Meet the Leading Ladies of Colorado Heritage and Agritourism

DENVER, CO – 11 Feb, 2016 – In February, the Oscars roll out the red carpet for extraordinary performances, scripts, sound, scenes and more. Meanwhile, in Colorado, we’re spotlighting some of our leading ladies: from well-known women to the less famous but equally fascinating females who keep innovation and craft, experience and entrepreneurship at center stage across the state. While the story of the west is often told through the brave and epic tales of men on the frontline, the story of Colorado’s women is equally enchanting. From running the ranch to creating brews or blends, promoting new ideas and sharing their skills, encounter the craft and talent of Colorado’s leading ladies during your visit to the Centennial State.

Taking the Reins

Colorado is famous for some of the most stunning ranches in the country, and behind the hard work and exceptional experiences offered by ranch owners, there is often a woman. Widowed at the age of 45, Marie Chabreat Guiraud was a rancher in Park County in the late 19th century. Instead of settling for their modest homestead, Guiraud grew the 640-acre ranch to four ranches on five thousand acres. Her legacy continues through ranchers like Becky (aka Bex) Atnip of Elk River Ranch outside Steamboat Springs, who is the youngest ranch owner in the history of dude ranching.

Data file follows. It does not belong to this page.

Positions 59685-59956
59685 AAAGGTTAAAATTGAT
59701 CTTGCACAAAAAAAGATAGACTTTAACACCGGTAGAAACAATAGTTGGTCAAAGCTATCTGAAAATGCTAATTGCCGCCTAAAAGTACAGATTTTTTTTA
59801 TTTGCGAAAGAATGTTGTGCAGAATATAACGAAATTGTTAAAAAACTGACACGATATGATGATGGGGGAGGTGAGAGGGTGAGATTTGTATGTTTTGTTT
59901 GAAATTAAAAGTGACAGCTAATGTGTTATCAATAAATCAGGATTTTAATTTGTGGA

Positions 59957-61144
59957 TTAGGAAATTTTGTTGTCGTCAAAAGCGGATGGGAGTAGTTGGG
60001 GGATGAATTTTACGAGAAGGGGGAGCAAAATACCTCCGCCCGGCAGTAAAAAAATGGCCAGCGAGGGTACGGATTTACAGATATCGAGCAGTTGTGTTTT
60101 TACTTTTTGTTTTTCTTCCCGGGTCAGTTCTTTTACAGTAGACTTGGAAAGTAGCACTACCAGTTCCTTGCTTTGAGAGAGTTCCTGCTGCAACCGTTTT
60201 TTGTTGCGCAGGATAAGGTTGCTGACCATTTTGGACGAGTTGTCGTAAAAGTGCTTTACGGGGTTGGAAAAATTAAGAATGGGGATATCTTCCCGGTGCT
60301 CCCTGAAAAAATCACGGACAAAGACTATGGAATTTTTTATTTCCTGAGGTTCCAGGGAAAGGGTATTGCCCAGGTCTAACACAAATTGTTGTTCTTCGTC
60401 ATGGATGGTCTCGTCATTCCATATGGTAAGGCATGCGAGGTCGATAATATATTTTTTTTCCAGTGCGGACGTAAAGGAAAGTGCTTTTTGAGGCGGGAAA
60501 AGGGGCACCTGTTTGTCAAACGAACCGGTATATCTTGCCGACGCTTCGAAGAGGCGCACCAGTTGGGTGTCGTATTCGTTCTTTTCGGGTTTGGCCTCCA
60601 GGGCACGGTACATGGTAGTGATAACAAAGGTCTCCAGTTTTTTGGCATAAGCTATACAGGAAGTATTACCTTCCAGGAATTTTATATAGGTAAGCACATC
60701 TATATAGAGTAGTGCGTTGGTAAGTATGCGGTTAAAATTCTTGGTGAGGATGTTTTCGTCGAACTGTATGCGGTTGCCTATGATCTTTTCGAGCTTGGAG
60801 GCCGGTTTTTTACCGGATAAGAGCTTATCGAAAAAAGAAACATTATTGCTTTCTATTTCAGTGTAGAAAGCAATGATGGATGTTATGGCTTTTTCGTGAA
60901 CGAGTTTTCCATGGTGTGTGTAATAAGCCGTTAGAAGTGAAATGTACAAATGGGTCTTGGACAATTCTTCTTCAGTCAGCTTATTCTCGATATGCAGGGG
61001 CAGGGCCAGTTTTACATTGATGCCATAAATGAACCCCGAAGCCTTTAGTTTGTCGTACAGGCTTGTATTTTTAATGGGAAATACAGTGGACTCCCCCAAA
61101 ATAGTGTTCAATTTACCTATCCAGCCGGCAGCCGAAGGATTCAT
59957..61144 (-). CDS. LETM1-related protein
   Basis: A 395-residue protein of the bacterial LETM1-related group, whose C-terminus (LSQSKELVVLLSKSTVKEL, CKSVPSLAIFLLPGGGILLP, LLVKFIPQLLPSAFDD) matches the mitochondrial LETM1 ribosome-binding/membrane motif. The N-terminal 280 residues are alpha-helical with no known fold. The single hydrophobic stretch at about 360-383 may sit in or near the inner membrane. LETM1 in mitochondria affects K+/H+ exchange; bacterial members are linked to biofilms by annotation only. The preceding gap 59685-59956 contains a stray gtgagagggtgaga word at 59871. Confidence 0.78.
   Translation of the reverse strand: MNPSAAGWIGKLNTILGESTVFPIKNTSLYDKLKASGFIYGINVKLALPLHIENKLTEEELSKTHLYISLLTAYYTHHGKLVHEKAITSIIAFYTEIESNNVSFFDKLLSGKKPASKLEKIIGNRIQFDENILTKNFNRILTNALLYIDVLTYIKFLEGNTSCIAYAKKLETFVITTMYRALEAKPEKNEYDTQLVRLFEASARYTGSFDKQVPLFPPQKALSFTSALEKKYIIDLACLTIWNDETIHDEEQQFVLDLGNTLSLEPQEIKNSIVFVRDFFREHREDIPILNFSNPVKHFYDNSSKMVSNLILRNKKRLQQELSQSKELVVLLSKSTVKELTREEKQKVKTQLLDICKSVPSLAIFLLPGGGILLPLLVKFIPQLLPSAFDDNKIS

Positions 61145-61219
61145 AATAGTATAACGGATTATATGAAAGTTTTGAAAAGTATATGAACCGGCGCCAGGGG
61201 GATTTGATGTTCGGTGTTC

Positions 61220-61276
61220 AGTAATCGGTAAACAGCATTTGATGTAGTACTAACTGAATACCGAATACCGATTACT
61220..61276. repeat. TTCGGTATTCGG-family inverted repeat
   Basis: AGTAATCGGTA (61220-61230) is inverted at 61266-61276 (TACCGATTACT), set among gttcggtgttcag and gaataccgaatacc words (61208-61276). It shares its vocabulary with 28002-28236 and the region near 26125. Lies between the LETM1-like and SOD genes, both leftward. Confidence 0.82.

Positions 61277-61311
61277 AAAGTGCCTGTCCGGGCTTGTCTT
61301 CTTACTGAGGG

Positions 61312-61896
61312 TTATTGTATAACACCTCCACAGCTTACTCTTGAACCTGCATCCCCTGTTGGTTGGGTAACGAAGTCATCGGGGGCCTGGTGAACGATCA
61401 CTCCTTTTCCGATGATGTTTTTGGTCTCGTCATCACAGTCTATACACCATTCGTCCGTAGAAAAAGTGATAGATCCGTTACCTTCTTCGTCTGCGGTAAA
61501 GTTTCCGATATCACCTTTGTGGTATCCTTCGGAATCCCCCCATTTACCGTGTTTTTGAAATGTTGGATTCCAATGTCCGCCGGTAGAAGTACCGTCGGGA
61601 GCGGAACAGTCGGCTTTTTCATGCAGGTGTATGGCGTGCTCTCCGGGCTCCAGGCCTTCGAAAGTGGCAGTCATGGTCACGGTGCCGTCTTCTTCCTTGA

Junelle Pringle carries on a 4-generation legacy at Waunita Hot Springs Ranch as a dude ranch historian and the matriarch of the Colorado dude ranching family.  When she isn’t nuzzling, shearing, spinning, feeding and playing with her herd – the largest in the US — of more than 45 paco-vicuñas, Jane Levene, co-owner of Jefferson Farms Alpacas, likes to sneak away for some fly fishing. In Durango, Ann Rapp provides horses for motion pictures, sleigh rides, trail rides, and hunt pack trips through Rapp Coral. And Heather Stirling single-handedly runs a cattle ranch and snowmobile tour business at Elkhead Ranch.

Farm to Fork